mention all the variables you wish to export on each C<Export> command.


=head2 The Import command

Variables exported by the C<Export> command can be imported into subsidiary
scripts by the C<Import> command. The subsidiary script always imports
variables directly from the superior script. Consider this example:

  Import qw( env INCLUDE );

This is only legal if the parent script exported both C<$env> and
C<$INCLUDE>. It also must have given each of these variables values. It is
OK for the subsidiary script to only import a subset of the exported
variables (in this example, C<$LIB>, which was exported by the previous
example, is not imported).

All the imported variables are automatically re-exported, so the sequence:

  Import qw ( env INCLUDE );
  Build qw ( beneath-me/Conscript );

will supply both C<$env> and C<$INCLUDE> to the subsidiary file. If only
C<$env> is to be exported, then the following will suffice:

  Import qw ( env INCLUDE );
  Export qw ( env );
  Build qw ( beneath-me/Conscript );

Needless to say, the variables may be modified locally before invoking
C<Build> on the subsidiary script.

=head2 Build script evaluation order

The only constraint on the ordering of build scripts is that superior
scripts are evaluated before their inferior scripts. The top-level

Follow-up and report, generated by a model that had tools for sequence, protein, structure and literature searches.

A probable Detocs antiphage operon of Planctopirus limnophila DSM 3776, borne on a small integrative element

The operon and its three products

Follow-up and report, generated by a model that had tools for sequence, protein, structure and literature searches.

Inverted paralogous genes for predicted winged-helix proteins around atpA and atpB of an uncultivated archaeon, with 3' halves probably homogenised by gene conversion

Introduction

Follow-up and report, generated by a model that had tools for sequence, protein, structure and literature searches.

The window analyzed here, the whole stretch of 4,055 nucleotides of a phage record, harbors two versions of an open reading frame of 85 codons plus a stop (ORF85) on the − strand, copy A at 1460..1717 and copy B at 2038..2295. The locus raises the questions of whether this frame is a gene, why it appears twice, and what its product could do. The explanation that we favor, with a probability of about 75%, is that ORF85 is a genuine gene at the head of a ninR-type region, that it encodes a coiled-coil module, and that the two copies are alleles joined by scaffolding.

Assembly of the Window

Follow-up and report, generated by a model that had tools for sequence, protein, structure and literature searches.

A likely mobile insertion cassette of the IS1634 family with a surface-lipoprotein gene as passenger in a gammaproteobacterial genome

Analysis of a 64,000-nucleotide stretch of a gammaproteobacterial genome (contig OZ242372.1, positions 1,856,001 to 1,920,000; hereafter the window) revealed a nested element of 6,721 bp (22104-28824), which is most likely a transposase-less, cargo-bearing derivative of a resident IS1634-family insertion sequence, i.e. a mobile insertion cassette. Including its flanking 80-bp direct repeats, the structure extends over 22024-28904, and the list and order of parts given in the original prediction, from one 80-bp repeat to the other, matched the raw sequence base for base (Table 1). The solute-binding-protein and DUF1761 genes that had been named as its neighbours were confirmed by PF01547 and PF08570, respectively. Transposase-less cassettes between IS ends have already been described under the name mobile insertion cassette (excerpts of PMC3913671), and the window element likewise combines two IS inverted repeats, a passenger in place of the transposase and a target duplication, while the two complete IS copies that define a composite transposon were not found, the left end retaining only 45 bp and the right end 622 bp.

F<Construct> file, for instance, is evaluated first, followed by any
inferior scripts. This is all you really need to know about the evaluation
order, since order is generally irrelevant. Consider the following C<Build>
command:

  Build qw(
	drivers/display/Conscript
	drivers/mouse/Conscript
	parser/Conscript
	utilities/Conscript
  );

We've chosen to put the script names in alphabetical order, simply because
that's the most convenient for maintenance purposes. Changing the order will
make no difference to the build.

-->

  <para>

  The source code for large software projects
  rarely stays in a single directory,
  but is nearly always divided into a
  hierarchy of directories.
  Organizing a large software build using &SCons;
  involves creating a hierarchy of build scripts
  using the &SConscript; function.

  </para>

  <section>
  <title>&SConscript; Files</title>

    <para>

    As we've already seen,
    the build script at the top of the tree is called &SConstruct;.
    The top-level &SConstruct; file can
    use the &SConscript; function to
    include other subsidiary scripts in the build.
    These subsidiary scripts can, in turn,
    use the &SConscript; function
    to include still other scripts in the build.